Throwback Thursday is when we trawl through the That's archives for a work of dazzling genius written at some point in our past. We then republish it. On a Thursday.
By Isobel Yeung, photos by Nicky Almasy
“It’s good now,” says Frank Xu, taking a breather from a game of basketball on a carpark-turned-court. “When I’m home, my parents feed me too much because they can afford it, and strangers tell me I’m fat. But no one tells me how I can lose weight.”
Fourteen-year-old Frank is a guest at Dianfeng Jianzhong, the first of a number of privately-owned fat camps to have sprung up on the outskirts of Shanghai, where children and adults pay up to RMB20,000 a month for a regime of restricted diet and four hours of enforced exercise a day.
“It’s very easy to get overweight when you like food,” says Frank, who weighed 95 kg when we met him. He wants to be a pop star and is dreaming big, with aims of losing 30 kg over his four-month stay. “I want to be a singer when I’m older, so I need to be thin,” he explains.
Frank Xu wants to lose weight so he can become a pop star.
Heading inside and past a group of puffing ping pong players, we enter a shabby living room where 12 red-faced guests aged from 6 to 50 gaze at an old Cantonese war film as they sweat it out rhythmically on cross-trainers. The trodden-heel trainers have seen better days, while mini stacks of snacks sit conspicuously by one or two of the machines.
Moving on to a modest indoor pool, where several Speedo-clad figures splash up and down the lanes, we meet 23-year-old Zhu Min. She arrived at the camp ten days ago weighing 125 kg. She says she was rejected from all her job applications because of her weight.
“I need to lose weight to become independent. I’ll take any job I can get,” says Zhu. She hasn’t fared any better in her love life than she has in her work life. “Outside here I’ve never had a boyfriend because men want slim women. I don’t really have friends either.”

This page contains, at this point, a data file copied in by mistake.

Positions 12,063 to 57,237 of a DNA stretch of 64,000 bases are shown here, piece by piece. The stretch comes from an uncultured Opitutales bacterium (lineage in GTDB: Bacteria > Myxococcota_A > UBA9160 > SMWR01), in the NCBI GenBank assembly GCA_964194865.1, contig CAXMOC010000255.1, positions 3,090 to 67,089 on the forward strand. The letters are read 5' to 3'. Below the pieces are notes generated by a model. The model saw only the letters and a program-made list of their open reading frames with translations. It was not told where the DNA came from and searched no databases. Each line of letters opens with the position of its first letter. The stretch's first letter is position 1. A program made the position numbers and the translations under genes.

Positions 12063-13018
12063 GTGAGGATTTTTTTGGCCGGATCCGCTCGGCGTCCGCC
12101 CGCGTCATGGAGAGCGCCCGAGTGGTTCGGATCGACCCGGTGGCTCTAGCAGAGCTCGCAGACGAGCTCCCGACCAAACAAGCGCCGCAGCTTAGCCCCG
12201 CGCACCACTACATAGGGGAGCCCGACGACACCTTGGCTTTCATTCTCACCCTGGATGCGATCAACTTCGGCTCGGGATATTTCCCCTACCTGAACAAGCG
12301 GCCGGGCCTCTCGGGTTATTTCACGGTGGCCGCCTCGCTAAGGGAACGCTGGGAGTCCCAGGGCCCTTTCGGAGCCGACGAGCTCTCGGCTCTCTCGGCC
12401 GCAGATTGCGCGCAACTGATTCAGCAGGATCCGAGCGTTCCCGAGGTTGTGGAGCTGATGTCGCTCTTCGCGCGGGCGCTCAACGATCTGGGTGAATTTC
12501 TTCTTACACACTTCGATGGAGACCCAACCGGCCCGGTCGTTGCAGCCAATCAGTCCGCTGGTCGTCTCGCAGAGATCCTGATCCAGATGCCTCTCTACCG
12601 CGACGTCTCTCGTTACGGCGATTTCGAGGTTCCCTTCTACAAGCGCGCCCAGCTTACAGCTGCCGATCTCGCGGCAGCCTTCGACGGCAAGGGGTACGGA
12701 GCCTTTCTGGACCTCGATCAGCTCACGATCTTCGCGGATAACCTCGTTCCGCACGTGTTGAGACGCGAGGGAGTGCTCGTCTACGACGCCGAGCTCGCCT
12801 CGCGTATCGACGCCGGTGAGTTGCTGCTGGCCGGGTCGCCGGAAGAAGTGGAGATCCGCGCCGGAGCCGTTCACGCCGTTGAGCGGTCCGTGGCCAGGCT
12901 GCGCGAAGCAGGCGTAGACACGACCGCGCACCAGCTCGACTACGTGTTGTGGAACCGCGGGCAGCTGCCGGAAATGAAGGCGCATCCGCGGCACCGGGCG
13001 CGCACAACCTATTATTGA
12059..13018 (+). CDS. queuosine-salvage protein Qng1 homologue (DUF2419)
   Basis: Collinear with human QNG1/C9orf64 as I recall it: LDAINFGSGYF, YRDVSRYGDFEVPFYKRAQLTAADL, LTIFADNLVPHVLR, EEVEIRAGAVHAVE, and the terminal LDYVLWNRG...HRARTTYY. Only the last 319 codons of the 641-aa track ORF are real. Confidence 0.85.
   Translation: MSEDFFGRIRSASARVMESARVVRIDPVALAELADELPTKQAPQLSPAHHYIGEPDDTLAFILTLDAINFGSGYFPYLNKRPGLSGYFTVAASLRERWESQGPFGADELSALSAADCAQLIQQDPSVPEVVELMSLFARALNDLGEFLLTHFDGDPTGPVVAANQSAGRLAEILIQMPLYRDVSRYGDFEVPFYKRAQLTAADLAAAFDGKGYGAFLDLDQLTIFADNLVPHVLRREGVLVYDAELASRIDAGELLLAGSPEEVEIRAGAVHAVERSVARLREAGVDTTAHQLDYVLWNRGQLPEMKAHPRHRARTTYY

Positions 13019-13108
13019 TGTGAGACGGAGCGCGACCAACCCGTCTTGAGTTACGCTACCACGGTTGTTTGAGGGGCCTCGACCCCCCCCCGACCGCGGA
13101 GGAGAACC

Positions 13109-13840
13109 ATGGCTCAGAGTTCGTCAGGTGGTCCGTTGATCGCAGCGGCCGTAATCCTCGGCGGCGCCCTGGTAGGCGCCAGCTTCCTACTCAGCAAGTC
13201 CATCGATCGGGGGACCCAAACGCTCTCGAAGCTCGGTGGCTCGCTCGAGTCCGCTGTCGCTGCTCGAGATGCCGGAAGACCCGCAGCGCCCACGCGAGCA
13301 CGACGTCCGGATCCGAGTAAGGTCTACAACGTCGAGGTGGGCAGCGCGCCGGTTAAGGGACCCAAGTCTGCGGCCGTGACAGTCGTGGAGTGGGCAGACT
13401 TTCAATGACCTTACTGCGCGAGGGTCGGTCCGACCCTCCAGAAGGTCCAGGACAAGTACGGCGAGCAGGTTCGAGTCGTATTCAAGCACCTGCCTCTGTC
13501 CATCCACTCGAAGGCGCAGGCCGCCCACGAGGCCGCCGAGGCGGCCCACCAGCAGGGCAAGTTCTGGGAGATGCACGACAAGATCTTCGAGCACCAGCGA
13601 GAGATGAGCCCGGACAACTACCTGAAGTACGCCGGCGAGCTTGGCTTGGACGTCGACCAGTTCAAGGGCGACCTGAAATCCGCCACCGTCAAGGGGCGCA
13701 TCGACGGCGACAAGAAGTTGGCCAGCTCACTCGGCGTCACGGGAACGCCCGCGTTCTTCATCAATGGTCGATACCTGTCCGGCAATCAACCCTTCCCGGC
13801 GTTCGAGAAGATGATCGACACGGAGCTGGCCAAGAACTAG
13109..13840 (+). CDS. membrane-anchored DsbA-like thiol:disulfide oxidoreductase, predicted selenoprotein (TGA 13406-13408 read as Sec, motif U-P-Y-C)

Residents of Diangfeng Jiangzhong must work out four hours a day.
Dianfeng Jianzhong has opened in response to China’s growing obesity problem. There are close to 100 million obese people in China today, according to the World Health Organization, more than five times the 18 million in 2005. It is an urban problem too, with obesity rates exceeding 20 percent in many cities.
So how have the likes of Frank Xu and Zhu Min got to where they are, when just half a century ago their grandparents were experiencing the biggest famine in human history?
Ronald McDonald and the Colonel are the easiest culprits to blame: the fast food industry is one of China’s fastest developing sectors, with annual growth rates of around 25 percent according to research firm RNCOS. But increasing incomes is what has changed the Chinese diet the most.
Wealthier families ditch traditional meals of rice and steamed vegetables, replacing them with fat-packed meat drenched in litres of calorific cooking oil, all chased down with sugary drinks. And then there are the processed snacks grazed on between meals.
“I’ve never had a boyfriend because men want slim women. I don’t really have friends either.”
Growing prosperity has also led to the couch potato syndrome known all too well in the West, with less physical labor, fewer trips on foot or by bicycle and more time spent ogling a TV screen or playing in cyberspace.